Background: Evidence is growing that air pollutants deteriorate glucose metabolism and insulin sensitivity by oxidative stress and inflammation. This might affect HbA1c levels and insulin requirements in type 1 diabetes. There are no data available on this association.
Methods: Air pollution values of respirable particulate matter (PM10), nitrogen dioxides (NO2), and accumulated ozone (O3-AOT40) were obtained from the federal environmental agency (Umweltbundesamt II) and assigned to place of residence of 840 participants from a nation-wide population-based type 1 diabetes registry (German Diabetes Center, Düsseldorf, Germany). Information on HbA1c, social status, treatment and co-morbidities was collected by self-administered questionnaires. Complete information was available for 771 patients aged 11-21 years at the time of study.
Results: In linear regression models, no adverse effects of air pollutants (PM10, NO2 or O3-AOT40 on HbA1c level were found, but O3-AOT40 was inversely associated with HbA1c (mmol/mol) in the crude (estimate per IQR: -1.86; 95% CI: (-3.27; -0.44); p=0.01) and the best model adjusting for lifestyle, socioeconomic factors, clinical information, and season (-1.50; (-2.82; -0.17); 0.034). After adding area of residency as random effect to the crude and the best model, the association was no longer significant (-1.64; (-3.84; 0.56); 0.14); (-1.56; (-3.67; 0.55); 0.14). Adjustment for further possible confounders did not affect the estimates seriously. None of the pollutants was associated with insulin dose (IU/kg body weight).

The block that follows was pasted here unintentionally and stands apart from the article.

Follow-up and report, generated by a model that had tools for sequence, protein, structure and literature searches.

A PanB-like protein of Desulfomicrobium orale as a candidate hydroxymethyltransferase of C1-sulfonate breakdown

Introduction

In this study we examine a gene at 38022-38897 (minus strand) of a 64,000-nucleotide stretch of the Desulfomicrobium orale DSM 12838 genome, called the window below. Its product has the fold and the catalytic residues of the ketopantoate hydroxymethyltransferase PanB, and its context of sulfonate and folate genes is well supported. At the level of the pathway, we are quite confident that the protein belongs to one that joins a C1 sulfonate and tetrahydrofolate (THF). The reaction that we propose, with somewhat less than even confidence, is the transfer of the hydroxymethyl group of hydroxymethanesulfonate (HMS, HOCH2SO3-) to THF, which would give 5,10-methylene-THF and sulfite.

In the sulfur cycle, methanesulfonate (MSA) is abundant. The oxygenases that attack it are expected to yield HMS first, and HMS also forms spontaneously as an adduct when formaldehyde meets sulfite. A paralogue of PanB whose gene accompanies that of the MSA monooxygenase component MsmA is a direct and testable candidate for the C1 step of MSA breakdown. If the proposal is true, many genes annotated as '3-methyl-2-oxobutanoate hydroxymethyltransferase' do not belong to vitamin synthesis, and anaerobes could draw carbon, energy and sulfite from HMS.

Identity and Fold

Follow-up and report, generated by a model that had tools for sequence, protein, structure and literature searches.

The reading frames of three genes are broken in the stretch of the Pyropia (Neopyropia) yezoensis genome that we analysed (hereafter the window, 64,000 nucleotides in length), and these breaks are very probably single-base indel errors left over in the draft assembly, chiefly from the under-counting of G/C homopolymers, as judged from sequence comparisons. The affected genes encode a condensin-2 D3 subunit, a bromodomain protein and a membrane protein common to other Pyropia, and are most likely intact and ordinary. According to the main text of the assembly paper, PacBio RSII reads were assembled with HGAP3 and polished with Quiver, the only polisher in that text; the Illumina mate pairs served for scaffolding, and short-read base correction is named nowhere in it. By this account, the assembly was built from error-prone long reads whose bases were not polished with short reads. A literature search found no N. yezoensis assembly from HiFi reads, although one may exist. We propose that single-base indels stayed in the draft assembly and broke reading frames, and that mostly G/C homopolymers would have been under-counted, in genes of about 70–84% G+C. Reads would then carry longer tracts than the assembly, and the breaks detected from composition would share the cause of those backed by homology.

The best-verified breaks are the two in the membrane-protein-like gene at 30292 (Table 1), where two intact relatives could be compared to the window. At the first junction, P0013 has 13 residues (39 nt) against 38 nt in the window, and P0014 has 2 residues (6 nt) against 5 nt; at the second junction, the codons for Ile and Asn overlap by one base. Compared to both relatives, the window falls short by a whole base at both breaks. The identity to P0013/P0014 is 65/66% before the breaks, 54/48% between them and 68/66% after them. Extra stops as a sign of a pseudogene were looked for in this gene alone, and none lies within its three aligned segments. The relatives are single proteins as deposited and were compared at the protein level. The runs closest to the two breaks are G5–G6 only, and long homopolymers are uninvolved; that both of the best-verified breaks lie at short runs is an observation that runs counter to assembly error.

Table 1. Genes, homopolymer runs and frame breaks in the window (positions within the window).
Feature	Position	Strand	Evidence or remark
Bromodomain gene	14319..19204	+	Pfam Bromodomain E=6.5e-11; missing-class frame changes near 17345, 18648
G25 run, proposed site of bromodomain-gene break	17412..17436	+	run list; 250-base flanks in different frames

Conclusions: Investigated pollutants had no adverse effect on metabolic control in children and young adults with type 1 diabetes in this cross-sectional study. The weak inverse association of accumulated ozone with HbA1c might be due to confounding by regional characteristics or regional aspects of care.
Keywords: Air pollutants; Child; Glycosylated hemoglobin A; Insulin; Type 1 diabetes mellitus; Young adult.
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